Do Activists Generate Action? Examining Management Responses to Activist Hedge Fund Demands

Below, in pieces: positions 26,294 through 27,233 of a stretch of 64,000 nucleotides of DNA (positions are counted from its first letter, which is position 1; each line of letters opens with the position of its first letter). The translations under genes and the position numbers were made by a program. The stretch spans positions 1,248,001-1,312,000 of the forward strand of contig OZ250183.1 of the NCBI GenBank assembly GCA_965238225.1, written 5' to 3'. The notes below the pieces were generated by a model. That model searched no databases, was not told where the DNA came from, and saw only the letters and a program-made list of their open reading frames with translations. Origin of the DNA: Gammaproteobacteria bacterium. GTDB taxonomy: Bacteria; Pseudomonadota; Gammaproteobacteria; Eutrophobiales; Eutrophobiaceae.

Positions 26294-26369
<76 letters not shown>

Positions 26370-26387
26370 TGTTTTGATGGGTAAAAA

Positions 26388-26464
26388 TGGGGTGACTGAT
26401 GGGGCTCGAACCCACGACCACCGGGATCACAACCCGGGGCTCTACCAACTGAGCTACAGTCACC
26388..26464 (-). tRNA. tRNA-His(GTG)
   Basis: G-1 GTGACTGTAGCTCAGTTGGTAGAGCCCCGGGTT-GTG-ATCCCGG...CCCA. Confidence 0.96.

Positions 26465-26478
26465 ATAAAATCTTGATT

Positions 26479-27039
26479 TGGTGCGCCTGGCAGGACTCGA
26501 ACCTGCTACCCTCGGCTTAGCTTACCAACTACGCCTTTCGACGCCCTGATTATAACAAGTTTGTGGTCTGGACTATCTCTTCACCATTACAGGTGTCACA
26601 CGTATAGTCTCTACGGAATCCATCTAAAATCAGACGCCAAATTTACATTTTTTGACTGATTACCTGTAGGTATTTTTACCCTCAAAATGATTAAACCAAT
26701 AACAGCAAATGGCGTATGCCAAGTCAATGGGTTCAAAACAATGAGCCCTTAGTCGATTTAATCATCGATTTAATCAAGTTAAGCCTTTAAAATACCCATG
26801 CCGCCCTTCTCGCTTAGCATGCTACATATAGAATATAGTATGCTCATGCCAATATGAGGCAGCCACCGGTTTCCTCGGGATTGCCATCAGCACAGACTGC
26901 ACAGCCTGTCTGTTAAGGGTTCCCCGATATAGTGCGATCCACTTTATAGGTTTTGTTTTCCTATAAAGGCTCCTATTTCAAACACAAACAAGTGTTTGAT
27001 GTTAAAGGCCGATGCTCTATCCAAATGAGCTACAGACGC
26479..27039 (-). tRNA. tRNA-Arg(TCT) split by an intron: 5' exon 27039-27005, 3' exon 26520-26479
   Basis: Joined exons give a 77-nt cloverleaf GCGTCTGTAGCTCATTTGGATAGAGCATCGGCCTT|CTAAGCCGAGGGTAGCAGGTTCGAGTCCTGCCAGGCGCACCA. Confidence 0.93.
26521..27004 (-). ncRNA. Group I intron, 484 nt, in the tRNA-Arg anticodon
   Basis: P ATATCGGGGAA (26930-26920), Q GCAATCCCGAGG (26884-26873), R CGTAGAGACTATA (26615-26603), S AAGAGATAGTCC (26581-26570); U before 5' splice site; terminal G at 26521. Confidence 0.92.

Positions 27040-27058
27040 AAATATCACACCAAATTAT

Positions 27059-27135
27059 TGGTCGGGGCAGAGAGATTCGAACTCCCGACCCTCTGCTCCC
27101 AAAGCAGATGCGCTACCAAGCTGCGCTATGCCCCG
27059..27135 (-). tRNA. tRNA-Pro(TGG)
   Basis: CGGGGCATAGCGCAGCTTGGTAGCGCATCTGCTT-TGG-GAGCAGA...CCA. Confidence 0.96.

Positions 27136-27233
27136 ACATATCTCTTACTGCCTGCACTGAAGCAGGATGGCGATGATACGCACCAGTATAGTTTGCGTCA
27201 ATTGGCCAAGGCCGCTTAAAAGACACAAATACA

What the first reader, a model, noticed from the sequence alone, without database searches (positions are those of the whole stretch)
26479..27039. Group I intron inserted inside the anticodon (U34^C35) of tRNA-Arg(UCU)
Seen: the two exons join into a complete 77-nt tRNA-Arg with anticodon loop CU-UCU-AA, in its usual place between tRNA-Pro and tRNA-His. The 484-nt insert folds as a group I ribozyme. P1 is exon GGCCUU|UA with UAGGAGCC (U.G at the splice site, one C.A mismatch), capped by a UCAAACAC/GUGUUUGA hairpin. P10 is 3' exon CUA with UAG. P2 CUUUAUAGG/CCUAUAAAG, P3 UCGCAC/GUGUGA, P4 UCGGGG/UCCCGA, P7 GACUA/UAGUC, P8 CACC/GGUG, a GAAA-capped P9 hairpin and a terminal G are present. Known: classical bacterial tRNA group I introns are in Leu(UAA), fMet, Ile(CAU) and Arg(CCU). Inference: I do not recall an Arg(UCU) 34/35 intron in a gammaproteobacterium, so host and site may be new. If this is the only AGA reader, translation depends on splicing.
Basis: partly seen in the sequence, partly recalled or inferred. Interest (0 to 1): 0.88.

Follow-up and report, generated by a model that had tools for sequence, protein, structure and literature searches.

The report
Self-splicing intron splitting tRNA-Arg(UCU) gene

Despite the separation of ownership and control in public corporations, non-director owners occasionally seek direct influence on firm strategy, a motive consistent with the behavioral view that firms are controlled through negotiations with powerful coalitions. Activist hedge funds (AHFs) in particular have emerged as prominent owners who seek to inform strategy, yet despite recent academic attention to their pursuits, it remains unclear the processes by which their proposals affect managerial action. Conventional logic from the corporate governance domain suggests managers would either acquiesce to the requests of the AHF, or they would remain rigid and unresponsive. Applying and extending behavioral theory, however, we theorize AHF proposals contest the conventional roles of managers and boards, and that more aggressive contestation induces greater challenges to managers’ strategic aspirations. Infusing the behavioral theory of the firm, we argue that stronger challenges lead managers to initiate search behavior through their strategic activities. We then examine AHF- and firm-related moderators—focus of the AHF, outside board experience, and managerial experience with AHF proposals—that strengthen or weaken this type of search response in ways consistent with our proposed mechanism. Examining a sample of 430 proposals sent to 145 firms from 53 AHFs between 2009 and 2020, we receive strong support for our hypotheses. Our research advances behavioral theory, as well as helps illuminate the outcomes stemming from AHF proposals, by establishing that contestation of firm leadership challenges strategic aspirations and generates search.